While many people often wish they could hear what people around them are thinking, telepathic skills are often written off as science fiction. But one day, the ability to read people’s minds may not be a talent only reserved to psychics and X-Men.
A group of neuroscientists at the University of California, Berkeley, reported they may have come up with a scientific way to read people’s minds.
Led by post-doctoral researcher Brian Pasley, the scientists have developed a method for deciphering the electrical signals in a person’s brain as they listen to words or conversation. Upon figuring out these signals, they were then able to use them to recreate the imagined speech of the same person.
The secret to their method lies in the temporal lobe of the brain, which is used in auditory perception. When a person hears a word or phrase being spoken, the activity that occurs in the temporal lobe also occurs when the person imagines that same word or phrase.
“This is a fundamental principle of the brain,” Robert Knight, a senior author for the study and a neuroscientist at UC Berkley, told FoxNews.com. “The area that performs a cognitive or behavioral function is also activated when you imagine that function. For example, let’s say you raise your right arm. Then if you imagine raising your right arm, the same areas that were active when you move your arm are working when you imagine it.”
In order to gather their findings, the researchers asked epilepsy patients undergoing brain surgery if they’d like to participate in research while they were in the hospital. Before these patients had their surgeries, they had to come to the hospital, have up to 256 electrodes placed over the surface of their brain, and then wait for a seizure to occur so the doctors could pin point the location of the seizure.
Sometimes this process takes a couple hours, but sometimes it can take weeks. So Pasley and his team utilized 15 neurosurgical patients’ extra time in the hospital while they were connected to the electrodes, having them hear 5 – 10 conversations.
Pasley then developed a way to reconstruct words using data from a person’s brain activity. Or in other words-reconstructing the words that people were thinking.
“He developed mathematical ways to match the electrical recordings from the electrodes in the brain to the sound characteristics that the patient heard,” Knight said. “The algorithms he developed can now predict a word the patient’s never heard before.”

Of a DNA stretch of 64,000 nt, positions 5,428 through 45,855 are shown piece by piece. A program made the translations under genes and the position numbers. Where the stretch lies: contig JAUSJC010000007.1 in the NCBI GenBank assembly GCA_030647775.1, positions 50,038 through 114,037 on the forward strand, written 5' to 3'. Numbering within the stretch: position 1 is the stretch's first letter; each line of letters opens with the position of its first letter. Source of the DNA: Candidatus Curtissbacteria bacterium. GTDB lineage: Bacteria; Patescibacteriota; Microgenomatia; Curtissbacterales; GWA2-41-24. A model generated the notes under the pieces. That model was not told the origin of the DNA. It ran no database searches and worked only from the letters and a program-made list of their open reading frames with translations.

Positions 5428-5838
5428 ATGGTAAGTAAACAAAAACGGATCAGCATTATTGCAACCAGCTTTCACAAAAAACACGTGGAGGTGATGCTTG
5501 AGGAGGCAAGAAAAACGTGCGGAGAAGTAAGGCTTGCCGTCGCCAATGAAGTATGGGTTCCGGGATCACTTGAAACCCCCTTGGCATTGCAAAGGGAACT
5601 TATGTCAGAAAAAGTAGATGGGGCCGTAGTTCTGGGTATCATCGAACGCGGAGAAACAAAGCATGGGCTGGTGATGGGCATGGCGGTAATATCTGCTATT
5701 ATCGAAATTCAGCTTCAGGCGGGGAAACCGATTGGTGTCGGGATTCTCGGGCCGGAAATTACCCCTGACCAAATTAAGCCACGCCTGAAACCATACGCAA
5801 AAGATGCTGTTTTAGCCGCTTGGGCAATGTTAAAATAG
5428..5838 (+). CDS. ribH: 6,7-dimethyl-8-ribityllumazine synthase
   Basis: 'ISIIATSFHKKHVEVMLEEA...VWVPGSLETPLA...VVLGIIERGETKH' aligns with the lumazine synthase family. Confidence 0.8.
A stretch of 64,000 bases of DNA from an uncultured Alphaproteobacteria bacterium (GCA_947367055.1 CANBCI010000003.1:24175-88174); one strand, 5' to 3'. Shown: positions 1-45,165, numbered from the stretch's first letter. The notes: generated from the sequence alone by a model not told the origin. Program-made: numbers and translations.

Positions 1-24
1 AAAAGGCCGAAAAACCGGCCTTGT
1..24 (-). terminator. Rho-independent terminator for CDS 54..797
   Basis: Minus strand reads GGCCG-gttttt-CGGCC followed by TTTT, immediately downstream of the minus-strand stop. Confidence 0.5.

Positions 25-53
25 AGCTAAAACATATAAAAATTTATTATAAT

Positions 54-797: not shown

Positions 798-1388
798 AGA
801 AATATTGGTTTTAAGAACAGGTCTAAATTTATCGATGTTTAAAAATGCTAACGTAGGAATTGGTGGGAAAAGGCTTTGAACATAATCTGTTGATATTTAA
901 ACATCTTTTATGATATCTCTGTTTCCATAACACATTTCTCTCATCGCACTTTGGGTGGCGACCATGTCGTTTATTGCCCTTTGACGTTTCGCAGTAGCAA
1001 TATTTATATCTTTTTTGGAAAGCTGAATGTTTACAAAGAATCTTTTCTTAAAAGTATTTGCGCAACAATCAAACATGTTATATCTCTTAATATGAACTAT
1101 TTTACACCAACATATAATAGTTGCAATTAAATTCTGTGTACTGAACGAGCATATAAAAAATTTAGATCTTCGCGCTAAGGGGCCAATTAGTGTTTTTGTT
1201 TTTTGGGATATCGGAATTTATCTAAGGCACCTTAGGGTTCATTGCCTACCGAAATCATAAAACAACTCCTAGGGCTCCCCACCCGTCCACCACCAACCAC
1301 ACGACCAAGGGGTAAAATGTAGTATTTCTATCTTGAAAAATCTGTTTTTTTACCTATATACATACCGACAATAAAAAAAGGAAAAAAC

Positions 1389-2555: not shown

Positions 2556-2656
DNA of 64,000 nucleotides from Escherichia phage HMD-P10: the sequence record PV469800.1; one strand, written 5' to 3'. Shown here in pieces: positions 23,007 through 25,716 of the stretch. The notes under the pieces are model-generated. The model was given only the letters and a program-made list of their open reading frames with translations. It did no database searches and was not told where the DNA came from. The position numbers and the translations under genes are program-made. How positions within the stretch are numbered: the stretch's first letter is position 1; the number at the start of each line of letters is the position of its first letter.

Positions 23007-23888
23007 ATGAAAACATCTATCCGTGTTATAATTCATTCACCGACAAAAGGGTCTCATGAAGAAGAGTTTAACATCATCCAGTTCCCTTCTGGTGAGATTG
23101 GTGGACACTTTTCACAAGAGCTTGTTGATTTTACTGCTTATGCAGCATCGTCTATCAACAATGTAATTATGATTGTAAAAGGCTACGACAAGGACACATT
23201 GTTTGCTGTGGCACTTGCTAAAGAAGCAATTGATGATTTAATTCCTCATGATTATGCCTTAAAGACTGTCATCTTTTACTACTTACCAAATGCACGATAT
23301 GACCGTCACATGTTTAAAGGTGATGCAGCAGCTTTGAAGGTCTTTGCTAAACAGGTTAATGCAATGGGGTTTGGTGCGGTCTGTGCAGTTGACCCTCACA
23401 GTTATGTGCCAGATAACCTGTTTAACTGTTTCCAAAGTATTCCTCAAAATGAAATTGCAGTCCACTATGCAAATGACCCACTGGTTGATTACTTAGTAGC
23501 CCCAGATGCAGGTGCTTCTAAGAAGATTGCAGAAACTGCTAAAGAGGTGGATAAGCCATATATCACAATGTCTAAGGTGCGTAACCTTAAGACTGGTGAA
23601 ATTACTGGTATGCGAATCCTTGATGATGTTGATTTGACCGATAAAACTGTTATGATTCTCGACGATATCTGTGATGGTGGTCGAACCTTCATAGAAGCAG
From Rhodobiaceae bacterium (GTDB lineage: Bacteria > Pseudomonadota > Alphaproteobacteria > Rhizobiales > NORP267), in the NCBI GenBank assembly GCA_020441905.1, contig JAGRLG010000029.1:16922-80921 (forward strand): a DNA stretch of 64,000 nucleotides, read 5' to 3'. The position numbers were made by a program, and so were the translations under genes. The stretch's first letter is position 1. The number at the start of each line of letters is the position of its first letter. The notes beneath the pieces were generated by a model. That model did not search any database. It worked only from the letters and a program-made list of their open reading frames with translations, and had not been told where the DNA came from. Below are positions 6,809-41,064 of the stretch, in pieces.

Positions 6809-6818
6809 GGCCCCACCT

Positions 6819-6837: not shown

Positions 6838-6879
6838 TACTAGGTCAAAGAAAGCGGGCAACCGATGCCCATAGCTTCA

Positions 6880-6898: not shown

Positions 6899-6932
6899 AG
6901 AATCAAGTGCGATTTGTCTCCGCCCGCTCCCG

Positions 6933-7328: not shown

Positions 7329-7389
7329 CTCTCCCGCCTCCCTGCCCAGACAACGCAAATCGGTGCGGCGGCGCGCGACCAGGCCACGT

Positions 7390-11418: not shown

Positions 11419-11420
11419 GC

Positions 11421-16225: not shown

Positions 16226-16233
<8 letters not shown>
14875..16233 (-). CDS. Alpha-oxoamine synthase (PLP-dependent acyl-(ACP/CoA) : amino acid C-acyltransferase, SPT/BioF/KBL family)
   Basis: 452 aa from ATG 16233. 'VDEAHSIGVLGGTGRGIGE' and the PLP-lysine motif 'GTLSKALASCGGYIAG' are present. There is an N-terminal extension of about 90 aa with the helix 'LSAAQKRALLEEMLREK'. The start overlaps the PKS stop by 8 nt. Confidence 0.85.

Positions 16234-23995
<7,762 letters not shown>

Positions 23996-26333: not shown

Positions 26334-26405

While the researchers have barely scratched the surface of this new technique, they hope they have set the gears in motion for engineers to develop better communication aides for those who have been severely disabled, either from stroke or other illnesses.
“If you had a device that was safely implantable and actually helped the patient, there’s no doubt it would be used,” Knight said. “It could be used for someone with a speech problem, such as a severe muscular control problem like ALS or Lou Gehrig’s Disease. Or maybe someone who has a damage in the part of the brain that controls speech output, but their input area is intact.”
More importantly, Knight said their research is important for simply understanding how the brain works.
“Think of the number of things you do in a day cognitively - word understanding or motor control or how you’re paying attention to something. We don’t really know a lot about how the brain works in supporting the things you’re doing right now,” Knight said. “If we can figure those things out, it will have huge implications for understanding normal cognition and it will have important implications for a whole host of psychiatric disorders.”
But in terms of becoming a mind reader, Knight said people won’t be eavesdropping on peoples’ inner monologues any time soon. Unless they plan on getting surgery.
“You can’t broadcast your thoughts unless there’s an electrode there,” Knight said. “So if you have a significant other, you can implant them and potentially hear what they’re thinking.”
“Of course it would require a neurosurgeon, so I don’t think that trend will sweep the nation,” Knight jokingly added.
Knight, Pasley and their colleagues published their findings Tuesday in the open-access journal PLos Biology.